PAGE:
Wednesday, April 20, 2011

On Children in Church

My children are weasels.

Today I got into my fifty-eleventh twitter argument over whether Sunday School should be held during worship or if we should insist that all children be in worship.

Theologically there are a lot of good reasons to keep children with us during worship, and I really have no good argument against them.

-Jesus said, "Let the little children come to me, and do not hinder them, for the kingdom of heaven belongs to such as these." Matthew 9:14

-Our children will not learn the liturgies and rhythms of the church unless we keep them with us in worship.

-There's more, but I'm not the best person to describe them all. There are beautiful, lovely, magnificent reasons to keep children in church. A twitter friend has posted her beautiful thoughts on this here at Marginal Theology.

-Another twitter friend has gathered together the specific polity that insists children should be in worship here at 1000 Thoughts Per Second.

-And another twitter friend who is wise and hopeful reminds us that we are a connectional church here at The Viau From Here.

My thoughts at this moment:

Last week, twenty seconds before I walked up to the pulpit to begin our service, I had to take away one of my children's shoes because he was beating his brother with them. While sitting in a pew. In the church where his mother preaches. This is not at all an unusual circumstance; balancing motherhood with pastorhood is more complicated than motherhood with church attendance ever was. I am lucky to have a congregation that is somewhat amused and tolerant of our shenanigans, but I'll go on record as saying that these shenanigans raise my blood pressure to stroke levels. And if you're getting push back from angry parents who don't want you to cancel Sunday School during worship, no amount of saying "I understand, but theologically it is correct to have the children in worship" is going to get them on your side.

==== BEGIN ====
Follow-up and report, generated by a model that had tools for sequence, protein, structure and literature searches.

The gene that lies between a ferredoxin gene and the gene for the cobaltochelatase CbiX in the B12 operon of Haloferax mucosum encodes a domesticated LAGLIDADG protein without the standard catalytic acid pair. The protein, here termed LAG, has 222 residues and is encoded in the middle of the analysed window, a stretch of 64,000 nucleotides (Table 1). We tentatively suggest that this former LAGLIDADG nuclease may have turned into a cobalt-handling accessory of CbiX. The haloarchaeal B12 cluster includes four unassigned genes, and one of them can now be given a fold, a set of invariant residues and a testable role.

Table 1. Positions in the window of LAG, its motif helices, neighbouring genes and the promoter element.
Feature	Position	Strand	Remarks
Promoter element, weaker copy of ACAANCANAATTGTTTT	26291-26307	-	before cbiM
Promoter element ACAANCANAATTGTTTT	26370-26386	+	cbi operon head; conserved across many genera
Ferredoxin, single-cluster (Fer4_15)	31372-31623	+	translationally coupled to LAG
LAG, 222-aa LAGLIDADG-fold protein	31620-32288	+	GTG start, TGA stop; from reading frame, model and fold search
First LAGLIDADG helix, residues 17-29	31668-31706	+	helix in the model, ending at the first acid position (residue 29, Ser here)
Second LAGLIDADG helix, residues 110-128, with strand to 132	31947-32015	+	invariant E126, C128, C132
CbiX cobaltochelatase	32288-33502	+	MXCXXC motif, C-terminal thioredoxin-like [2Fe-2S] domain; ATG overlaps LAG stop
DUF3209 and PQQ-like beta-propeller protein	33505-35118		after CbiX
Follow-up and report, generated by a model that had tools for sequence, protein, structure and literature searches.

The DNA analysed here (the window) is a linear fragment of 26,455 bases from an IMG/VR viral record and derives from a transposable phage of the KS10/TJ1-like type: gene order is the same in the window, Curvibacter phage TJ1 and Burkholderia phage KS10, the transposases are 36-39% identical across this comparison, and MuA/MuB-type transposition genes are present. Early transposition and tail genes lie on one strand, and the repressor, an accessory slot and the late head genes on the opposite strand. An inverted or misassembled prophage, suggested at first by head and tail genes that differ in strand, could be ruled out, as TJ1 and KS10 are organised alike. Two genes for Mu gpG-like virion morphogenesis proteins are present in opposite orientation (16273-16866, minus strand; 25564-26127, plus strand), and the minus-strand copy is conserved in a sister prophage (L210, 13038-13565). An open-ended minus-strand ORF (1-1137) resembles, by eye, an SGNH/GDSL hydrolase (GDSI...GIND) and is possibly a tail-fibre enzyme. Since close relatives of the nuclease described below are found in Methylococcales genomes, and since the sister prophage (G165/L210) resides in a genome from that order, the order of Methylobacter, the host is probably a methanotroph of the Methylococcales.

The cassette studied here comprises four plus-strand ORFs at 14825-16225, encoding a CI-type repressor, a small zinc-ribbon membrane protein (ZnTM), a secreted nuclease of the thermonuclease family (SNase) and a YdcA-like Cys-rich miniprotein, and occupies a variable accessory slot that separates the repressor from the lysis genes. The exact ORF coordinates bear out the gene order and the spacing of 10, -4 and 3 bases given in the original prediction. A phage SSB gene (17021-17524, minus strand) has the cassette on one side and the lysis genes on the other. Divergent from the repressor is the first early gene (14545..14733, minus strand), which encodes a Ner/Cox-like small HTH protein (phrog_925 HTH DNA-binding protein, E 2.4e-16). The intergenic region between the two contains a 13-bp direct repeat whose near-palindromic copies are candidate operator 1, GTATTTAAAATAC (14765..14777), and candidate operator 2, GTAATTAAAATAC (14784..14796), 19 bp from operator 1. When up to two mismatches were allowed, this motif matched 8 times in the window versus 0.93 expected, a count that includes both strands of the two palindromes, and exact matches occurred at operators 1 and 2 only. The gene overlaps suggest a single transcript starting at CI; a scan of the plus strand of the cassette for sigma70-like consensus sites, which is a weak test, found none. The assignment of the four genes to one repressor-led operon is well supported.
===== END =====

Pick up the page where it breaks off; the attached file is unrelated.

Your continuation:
If you really want children in worship, you're going to have to earn the parent's trust that you can do this and still honor the parent's spiritual journey.

Years ago, when I had my second child, I discovered that the church did not provide maternity leave, nor did they pay into state disability insurance. After a month's vacation, I returned to work to lead a youth retreat in the mountains, and I brought my baby with me. A dear friend came along to help, but Saturday night during worship the baby was hungry. And as dear as my friend is, she could not nurse the baby for me. And as competent as the rest of the volunteers are, nobody else was prepared to preach. So my friend brought me the baby and I preached while nursing. It was all I could think of to do, but I later was told that students and adults were uncomfortable at my public nursing.

Not long after, I attended a training for youth workers. Mark Yaconelli led a session on contemplative prayer and I showed up with my four month old baby. Sure enough, 5 minutes into our contemplative prayer session, the baby got hungry and started to fuss. An expert by now, I latched the baby onto breast, covered us with a blanket and finished the prayer session. In the quiet of that space the sound of my child lunching filled the room, complete with smacking lips, sucking noises and a cat-like growl he liked to do as he nursed. Mark Yaconelli was kind enough to make a comment afterward to the group of how my baby nursing reminded him of his own and the beauty of children and babies and how I'd done him a favor staying with the baby etc. I don't know if anyone else in the group agreed with him, but I was grateful for his kindness.

Two years ago at a Christmas Eve service my sons came with me to church. My oldest was willing to read scripture for the first time and did a lovely job. The little guy was bored to distraction by the service and wandered up to the pulpit to lay at my feet while I finished the service.

These memories are precious and part of my regular worship on Sunday mornings. Even my children beating each other with shoes is biblical--in fact the first time I preached at Tiny Church it was on Genesis 25:22 in which Rebekkah realizes that the twins in her womb were destined to strive against each other. Just as I read the words "If it is to be this way, why am I to live?" my oldest got the youngest in a headlock. The youngest screamed and ran under my skirt. Oldest came to stand next to me and beamed out at the congregation, who were merrily laughing at the show. Since I was auditioning for a job, I was less than amused, and with some effort settled the children back into a pew so I could continue preaching.